More interestingly, however, is the fall in IQ found by the BBC. If distracted individuals were found to have a drop in their IQ twice that of smoking marijuana- how much more severe is the impact on the IQ of the multi-hatted-working-mom-mentor-gymnast-triathlete-maid-therapist-friend? At what deficit do we begin our day, and what limitations are we placing on our performance?
Something to think about- while you’re ironing, watching the news and editing the next week’s brief.

Monday, March 28, 2011

Blades of Grass

                Occasionally it is the juxtaposition of two wildly disparate- and perhaps not at all related- things that brings another (not at all related) thing into stark relief. This weekend, it was a picture of a beautiful starlet in a publication of Seventeen or similar, and a 758-page tome about World War II in Hungary. The picture was gorgeous- she had large green eyes and a bowler hat- the picture was taken with the background appropriately out of focus; the mood was whimsical and the composition was artistic. The book was amazingly rendered, intimately human and, of course, heart-wrenching.
                The photograph conjured for me memories of the age at which I last perused the pages of that periodical.  Late teens, early twenties, one is simply a steaming, sticky, bowlful of potential.  A canvas, freshly fallen snow- one can try on and test drive identities as readily as gloves or shoes.  Not knowing who you are is fully acceptable because you are not supposed to be anything yet- you are the endless untied beginnings of what might be-  you are a beautifully nebulous ellipsis.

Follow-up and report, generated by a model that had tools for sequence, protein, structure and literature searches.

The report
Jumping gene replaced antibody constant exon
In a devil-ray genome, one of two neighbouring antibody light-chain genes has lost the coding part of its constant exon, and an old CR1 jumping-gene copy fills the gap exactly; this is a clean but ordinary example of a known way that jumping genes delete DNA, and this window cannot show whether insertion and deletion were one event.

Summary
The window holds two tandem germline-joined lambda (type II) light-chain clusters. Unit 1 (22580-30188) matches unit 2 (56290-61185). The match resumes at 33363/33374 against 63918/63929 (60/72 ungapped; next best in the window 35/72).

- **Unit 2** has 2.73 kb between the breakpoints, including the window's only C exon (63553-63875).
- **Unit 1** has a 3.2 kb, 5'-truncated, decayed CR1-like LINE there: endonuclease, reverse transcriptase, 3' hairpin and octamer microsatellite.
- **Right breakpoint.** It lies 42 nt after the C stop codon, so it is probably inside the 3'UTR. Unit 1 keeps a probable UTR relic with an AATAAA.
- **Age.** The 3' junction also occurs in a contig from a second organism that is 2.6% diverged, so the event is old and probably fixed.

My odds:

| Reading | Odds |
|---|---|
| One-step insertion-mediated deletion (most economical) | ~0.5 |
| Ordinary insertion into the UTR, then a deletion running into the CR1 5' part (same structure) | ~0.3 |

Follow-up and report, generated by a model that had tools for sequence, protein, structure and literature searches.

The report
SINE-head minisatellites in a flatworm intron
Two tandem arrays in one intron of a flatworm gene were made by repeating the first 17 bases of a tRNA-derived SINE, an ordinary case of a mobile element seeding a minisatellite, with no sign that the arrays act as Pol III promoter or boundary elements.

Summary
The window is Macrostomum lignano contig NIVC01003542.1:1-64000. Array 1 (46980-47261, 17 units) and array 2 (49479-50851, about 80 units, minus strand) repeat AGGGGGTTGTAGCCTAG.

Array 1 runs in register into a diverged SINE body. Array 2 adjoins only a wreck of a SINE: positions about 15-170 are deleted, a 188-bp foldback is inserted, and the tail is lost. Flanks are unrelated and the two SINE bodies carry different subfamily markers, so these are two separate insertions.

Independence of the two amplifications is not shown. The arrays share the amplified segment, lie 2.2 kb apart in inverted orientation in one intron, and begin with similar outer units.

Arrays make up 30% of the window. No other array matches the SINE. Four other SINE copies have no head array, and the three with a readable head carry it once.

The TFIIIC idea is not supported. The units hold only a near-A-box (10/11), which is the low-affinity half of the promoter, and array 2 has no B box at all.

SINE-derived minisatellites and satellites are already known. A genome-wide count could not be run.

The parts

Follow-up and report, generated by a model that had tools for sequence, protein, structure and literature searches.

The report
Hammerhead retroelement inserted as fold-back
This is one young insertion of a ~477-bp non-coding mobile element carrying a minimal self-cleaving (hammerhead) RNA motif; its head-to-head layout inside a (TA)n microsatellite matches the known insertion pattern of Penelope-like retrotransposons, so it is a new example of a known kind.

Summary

But at some point, one is supposed to have arrived at a character- spun the roulette wheel of life and settled into a slot: red or black; 13, 21, 7, attorney, artist, doctor, writer, mother, hippie, vegan, redneck, mechanic. At some point, the little whirling ball of possibility runs out of centrifugal force, runs out of time, and falls.  Whatever it is, the little spinning top of youth is supposed to fall into its slot and… fit.  Nothing in popular culture, or literature, or life prepared me for the “overflow”- the parts that don’t fit into my selected slot- the equally strident calls for both order and chaos, military precision and poetry, love and independence.
                At some point, I should know what I am, and I should stop wanting to be everything else.
                But I haven’t.  And neither, it seems, have so many of my similarly situated generational sisters. What is it about our generation? Are we just spoiled? Over stimulated? Used to many options? Or simply more connected than our forbears? Many of our ancestresses certainly pined for a lot different than the one their own. Per haps the difference is that we do not simply want a different lot, but all of them. And not only do we want these roles, but we are required to fill them.
                The second  aspect, good god, the World War II book.  The awesome aching chasm of human loss and tragedy. The  raw cruelty of one human to another.  The stripped tendons of pure survival.  The magnitude of horror certainly puts into perspective my quibbling little uncertainties about “who I am,” or why. Of what import my happiness?  In the midst of such suffering and sadness and loss- does the world really care which direction this particular blade of grass bends? Will it affect the world? Will it even affect my own?
                On the other hand, what else is there?

Wednesday, March 9, 2011


Thank you for asking where I have been... our internet has been non-operational for the last week and a half and I just have not had it in me to drag my sorry ass to the internet cafe. We will be back up and running next week, 14 March 2011.

See you then!